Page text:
Categorized | Canadian Politics

Council approves 10% cap on tax hike for small businesses

Posted on 07 February 2018 by admin

Increases in assessments have seen the taxes for some properties increase by more than 100 per cent over the previous year.

City council has agreed to cap this year’s property tax hikes at 10 per cent for small businesses, who were left reeling after last year’s unprecedented rise in assessment values.

Businesses on Yonge St. and elsewhere downtown have been criticizing Mayor John Tory and council after some stores were forced to shutter. Increases in provincial re-assessments during an ongoing condo boom have seen the taxes for some properties increase by more than 100 per cent over the previous year.

Following a recommendation from staff, council voted 38 to 1 on Wednesday to limit tax increases to 10 per cent this year for industrial, commercial and multi-residential properties while staff consult the public and work on a more permanent solution — which may require changes to provincial legislation.

Tory made that one of his key items of the meeting, saying council was left dealing with a poor provincial assessment policy.

“It just requires such fundamental reform,” Tory said. “What we’re doing today is not meant to be the answer.”

He called the cap a “fair” way to maintain a healthy business community pending more permanent changes.

Facing pressure from local businesses this summer, Tory wrote to Finance Minister Charles Sousa and requested a “fairer model” of calculating property taxes.

The current system looks at the potential market value of land according to its “highest and best use,” meaning small businesses in areas rapidly developing with high-rise condos can see skyrocketing assessments.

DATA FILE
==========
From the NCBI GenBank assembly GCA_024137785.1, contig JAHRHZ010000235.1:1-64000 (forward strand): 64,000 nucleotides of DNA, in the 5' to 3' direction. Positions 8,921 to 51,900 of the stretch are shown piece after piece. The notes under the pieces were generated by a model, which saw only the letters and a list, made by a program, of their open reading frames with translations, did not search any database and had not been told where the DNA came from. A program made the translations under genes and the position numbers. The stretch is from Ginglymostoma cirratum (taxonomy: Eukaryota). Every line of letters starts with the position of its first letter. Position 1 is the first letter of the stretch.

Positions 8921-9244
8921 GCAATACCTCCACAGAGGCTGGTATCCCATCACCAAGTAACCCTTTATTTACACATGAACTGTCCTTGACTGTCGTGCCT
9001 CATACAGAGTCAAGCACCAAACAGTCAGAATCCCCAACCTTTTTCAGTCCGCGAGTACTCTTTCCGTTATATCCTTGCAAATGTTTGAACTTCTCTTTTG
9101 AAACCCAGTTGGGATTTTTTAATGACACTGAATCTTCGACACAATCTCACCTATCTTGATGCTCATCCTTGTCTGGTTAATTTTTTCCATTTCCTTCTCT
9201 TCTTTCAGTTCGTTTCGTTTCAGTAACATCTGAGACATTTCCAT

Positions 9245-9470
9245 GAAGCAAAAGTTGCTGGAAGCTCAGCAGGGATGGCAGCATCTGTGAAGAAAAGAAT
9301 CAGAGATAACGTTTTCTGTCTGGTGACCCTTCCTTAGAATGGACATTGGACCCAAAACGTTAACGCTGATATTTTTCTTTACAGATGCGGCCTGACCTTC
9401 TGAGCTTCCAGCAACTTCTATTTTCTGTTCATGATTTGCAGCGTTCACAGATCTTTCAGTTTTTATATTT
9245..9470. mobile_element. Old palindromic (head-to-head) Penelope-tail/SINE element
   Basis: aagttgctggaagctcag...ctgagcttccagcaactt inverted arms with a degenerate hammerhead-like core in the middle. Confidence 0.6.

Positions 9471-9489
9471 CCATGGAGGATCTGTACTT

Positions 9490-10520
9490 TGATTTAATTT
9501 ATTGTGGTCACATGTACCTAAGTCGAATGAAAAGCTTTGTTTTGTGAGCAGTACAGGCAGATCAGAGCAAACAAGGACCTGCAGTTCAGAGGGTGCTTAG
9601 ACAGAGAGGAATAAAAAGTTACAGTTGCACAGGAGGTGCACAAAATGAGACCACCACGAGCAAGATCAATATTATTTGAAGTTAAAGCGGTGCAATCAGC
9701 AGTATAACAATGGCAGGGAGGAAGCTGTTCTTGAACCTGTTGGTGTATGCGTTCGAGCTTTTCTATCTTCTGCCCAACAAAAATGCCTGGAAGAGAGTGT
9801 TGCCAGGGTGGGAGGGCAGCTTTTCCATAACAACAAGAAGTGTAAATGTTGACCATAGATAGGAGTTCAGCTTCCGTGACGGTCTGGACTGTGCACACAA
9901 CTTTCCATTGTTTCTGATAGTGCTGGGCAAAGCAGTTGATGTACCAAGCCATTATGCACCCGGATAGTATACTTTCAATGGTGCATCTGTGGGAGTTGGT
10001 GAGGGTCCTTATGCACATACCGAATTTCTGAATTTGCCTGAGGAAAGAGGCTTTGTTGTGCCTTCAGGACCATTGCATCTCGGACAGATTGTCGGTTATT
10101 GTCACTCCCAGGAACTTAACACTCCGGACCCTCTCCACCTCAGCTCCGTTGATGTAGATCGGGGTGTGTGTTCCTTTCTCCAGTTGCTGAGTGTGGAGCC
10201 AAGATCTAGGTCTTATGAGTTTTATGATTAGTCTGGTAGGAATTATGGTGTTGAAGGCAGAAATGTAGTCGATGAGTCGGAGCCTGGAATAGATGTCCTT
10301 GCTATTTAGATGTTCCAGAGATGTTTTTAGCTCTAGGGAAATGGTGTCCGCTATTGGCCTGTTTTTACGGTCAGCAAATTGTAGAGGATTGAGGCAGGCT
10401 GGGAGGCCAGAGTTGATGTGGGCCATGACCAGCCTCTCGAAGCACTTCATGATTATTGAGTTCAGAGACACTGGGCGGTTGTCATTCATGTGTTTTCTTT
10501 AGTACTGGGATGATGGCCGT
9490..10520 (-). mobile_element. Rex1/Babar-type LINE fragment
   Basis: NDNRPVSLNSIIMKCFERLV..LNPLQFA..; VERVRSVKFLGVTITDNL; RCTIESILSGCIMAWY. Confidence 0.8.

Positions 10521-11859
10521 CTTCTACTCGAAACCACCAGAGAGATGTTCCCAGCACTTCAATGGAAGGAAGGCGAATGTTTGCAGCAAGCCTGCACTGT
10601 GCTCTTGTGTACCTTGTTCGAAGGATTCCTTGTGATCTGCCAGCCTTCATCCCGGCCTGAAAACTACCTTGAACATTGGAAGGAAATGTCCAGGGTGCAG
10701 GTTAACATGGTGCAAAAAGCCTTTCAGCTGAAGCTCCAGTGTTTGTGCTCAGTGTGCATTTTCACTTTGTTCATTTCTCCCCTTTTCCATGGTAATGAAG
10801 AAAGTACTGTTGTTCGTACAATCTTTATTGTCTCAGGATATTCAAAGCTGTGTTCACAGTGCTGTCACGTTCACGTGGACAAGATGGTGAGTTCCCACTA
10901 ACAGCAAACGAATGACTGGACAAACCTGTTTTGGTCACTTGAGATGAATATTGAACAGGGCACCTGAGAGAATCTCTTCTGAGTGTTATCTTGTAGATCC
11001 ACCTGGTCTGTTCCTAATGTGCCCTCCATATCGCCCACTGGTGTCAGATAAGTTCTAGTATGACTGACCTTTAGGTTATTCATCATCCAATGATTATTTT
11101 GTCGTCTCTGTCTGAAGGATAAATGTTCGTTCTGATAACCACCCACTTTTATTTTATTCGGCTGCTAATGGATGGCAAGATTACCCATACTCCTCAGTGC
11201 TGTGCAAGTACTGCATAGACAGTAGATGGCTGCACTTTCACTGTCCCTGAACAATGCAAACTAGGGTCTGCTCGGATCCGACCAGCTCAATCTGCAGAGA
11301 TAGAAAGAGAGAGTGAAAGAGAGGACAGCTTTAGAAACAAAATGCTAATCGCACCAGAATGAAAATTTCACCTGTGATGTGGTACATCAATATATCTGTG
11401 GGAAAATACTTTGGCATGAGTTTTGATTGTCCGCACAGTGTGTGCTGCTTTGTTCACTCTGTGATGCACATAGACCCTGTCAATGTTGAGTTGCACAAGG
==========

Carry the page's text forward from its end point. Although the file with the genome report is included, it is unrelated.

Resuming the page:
According to a staff report, 5,415 properties experienced a tax increase greater than 10 per cent in 2017, 424 properties saw increases of 50 per cent or more and118 properties saw increases of 100 per cent or more.

“We cannot kill the goose that lays the golden egg, which are the small businesses in this city that are creating the majority of jobs that are opportunities for people to have a place to be able to go and work,” said economic development committee chair Councillor Michael Thompson. “I think it’s important for us to demonstrate to the small businesses in this city that we want to help them.”

Councillor Kristyn Wong-Tam, who represents much of Yonge St. in the downtown core, said the issue of protecting business on character main streets was an important one.

“Yonge St. is a very heavily pedestrianized street and even then the property owners and the small business operators are finding it difficult to make ends meet,” Wong-Tam said, noting the problem is also happening elsewhere in areas seeing growth.

She said the province needs to create a tax classification for small businesses to help Yonge St. and other neighbourhoods.

Council continued to meet Wednesday evening. The meeting resumes Thursday.

Still on the agenda are items on providing relief to businesses on Toronto Island impacted by flooding in 2017, deciding the future use of Old City Hall, pushing the province to alter new legislative tools to build affordable housing and implementing a tax on hotels and short-term rentals like those offered through Airbnb.

 

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